That was the perfect place for a 15-year-old kid who grew up in a city with nota roja all over—a popular form of printed press showing explicit photographs of violence, crime, vendettas, tragic accidents, cops mocking transvestites, narco-Satanism, and then on the very next pages, gossip columns about movie stars and a horoscopes section. Pictures of dismembered bodies could be seen at all the newspaper stands on the streets every day—just like how they appear overnight, lying on the streets of the city and all over the country, these days. So, no happy endings.
What are some of the most memorable moments you’ve had making this body of work?
Since most of the time clubs are so dark, I only can tell little details while working. I realize they are weird scenes when I’m downloading images onto my computer. For example, one girl saw me as I walked into a cantina, and then she disappeared. Later, she came back wearing a full face of exaggerated makeup. The next day, while editing my new work, there she was in my photo: beaten with bruises on her eyes. The photo was full of gruesome details, and the makeup only made things worse.
Also, there were rumors about this famous club that they were practicing Santería; it is something really common in bars and nightclubs to attract good luck. We were dancing, and suddenly the floor felt sticky. I took pictures, and when I saw them, I realized it was blood. Near the ceiling there was an altar. For a while, I photographed slaughtered animals, like chickens and doves and even a calf, lying on the streets while returning home. Strange encounters.
Could you tell us about some of the most important clubs in Mexico City?
My ideal club doesn’t exist. I’ve attended really good parties at apartments and some monthly nights at certain nightclubs. Lately, I organize great ones at my gallerist’s house with my favorite people—a mix of old and young, with artists, hustlers, models, dealers, etc.—but club culture or extraordinary places don’t exist here. It’s more my juxtaposition of people and things—my remake of the México City nightlife through portraits.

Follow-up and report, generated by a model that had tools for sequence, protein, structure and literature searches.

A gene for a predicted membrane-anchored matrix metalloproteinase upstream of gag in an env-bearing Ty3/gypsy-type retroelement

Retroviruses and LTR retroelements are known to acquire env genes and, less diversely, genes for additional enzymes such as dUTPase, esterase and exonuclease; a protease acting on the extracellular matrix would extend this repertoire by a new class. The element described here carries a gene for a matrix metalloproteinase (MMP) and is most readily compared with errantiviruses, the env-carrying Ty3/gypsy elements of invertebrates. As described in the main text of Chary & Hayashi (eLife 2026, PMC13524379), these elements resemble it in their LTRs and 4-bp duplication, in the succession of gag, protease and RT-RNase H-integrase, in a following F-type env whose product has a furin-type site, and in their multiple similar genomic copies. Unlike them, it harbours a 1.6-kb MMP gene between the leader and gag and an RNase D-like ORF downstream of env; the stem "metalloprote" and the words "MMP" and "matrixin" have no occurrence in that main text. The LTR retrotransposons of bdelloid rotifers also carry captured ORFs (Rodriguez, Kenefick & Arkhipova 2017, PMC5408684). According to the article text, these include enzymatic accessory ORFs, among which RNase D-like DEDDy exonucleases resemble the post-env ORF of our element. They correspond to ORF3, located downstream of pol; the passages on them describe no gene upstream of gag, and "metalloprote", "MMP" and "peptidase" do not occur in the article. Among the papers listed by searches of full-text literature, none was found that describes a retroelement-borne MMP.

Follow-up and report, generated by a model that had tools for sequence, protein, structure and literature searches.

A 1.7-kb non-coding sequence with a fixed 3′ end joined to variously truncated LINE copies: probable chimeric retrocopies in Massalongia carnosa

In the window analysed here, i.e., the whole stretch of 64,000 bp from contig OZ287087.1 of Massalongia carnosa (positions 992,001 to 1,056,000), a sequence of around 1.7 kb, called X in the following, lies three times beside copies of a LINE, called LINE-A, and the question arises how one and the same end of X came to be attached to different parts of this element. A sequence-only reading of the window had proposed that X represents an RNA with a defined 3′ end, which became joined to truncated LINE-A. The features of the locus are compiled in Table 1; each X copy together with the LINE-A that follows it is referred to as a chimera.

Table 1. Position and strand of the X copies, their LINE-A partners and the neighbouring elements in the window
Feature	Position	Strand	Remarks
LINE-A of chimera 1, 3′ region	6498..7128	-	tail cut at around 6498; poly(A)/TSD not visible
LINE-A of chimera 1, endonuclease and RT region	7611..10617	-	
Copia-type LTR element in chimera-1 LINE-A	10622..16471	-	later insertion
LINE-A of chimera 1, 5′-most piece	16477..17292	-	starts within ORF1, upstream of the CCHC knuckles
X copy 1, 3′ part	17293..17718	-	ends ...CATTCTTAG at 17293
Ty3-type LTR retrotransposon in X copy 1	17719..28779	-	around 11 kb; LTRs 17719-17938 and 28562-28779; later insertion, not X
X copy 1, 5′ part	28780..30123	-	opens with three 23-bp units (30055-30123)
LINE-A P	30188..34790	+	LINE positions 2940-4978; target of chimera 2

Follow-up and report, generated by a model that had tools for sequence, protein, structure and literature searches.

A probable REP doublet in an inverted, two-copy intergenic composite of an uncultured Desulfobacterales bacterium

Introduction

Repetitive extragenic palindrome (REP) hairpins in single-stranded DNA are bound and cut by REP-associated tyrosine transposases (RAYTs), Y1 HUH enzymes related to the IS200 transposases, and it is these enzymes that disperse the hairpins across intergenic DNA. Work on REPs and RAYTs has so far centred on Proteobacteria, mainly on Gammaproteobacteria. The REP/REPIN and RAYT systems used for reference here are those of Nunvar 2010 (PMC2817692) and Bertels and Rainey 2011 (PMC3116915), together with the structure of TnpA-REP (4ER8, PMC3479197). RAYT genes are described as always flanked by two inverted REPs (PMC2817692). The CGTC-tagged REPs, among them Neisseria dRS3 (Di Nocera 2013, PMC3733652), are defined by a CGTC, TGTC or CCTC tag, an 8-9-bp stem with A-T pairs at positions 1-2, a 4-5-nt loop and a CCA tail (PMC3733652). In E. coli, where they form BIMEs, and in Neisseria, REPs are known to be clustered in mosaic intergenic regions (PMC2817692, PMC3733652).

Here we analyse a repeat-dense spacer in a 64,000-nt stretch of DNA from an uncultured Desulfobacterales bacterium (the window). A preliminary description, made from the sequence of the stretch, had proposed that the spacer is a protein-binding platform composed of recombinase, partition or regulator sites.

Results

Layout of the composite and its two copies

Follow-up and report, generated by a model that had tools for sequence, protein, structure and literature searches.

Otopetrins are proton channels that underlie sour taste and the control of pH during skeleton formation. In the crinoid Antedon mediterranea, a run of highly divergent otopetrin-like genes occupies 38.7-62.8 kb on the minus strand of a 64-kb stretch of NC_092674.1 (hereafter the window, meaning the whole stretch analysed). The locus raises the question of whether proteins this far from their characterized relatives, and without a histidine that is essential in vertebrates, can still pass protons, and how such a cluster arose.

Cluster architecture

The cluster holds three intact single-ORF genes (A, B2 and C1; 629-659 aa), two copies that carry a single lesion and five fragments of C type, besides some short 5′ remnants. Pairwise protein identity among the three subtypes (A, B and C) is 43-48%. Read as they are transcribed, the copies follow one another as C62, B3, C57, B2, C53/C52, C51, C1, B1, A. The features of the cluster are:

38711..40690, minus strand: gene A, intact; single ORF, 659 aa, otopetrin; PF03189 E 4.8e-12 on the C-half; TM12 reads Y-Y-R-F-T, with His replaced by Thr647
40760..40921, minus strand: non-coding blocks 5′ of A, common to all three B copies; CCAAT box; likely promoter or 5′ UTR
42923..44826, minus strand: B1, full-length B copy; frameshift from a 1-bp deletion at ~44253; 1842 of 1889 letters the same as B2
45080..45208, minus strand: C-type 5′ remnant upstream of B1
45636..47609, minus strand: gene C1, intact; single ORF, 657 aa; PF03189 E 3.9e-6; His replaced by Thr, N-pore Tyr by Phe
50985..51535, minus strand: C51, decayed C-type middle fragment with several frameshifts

At what point did you realize that nightlife was something you would document over an extended period of time?
I love to document growing movements, new people with great ideas, fresh faces, and finding new friends. The night is much more than club culture. The beautiful choreography of light and shadow and lost people like me walking the streets makes me feel like we are in a movie set, where the buildings, prostitutes, and dead animals are also protagonists.
I feel safer at night, in every sense. Secrets have been revealed to me while I walk this city. My most creative and calm moments happen at night while the fucking bureaucrats sleep. I like to go out at night on my bike listening to weird and beautiful music in a trancelike state. I’m a night creature, sometimes full of ghosts and paranoia.
What are some of the things that have remained consistent in nightlife over the past 20 years?
I have this theory that every ten years or so a new movement emerges. By then, people with fresh ideas and alternative points of view emerge, too—new poets and musicians. I’ve seen it and documented it. It will happen again.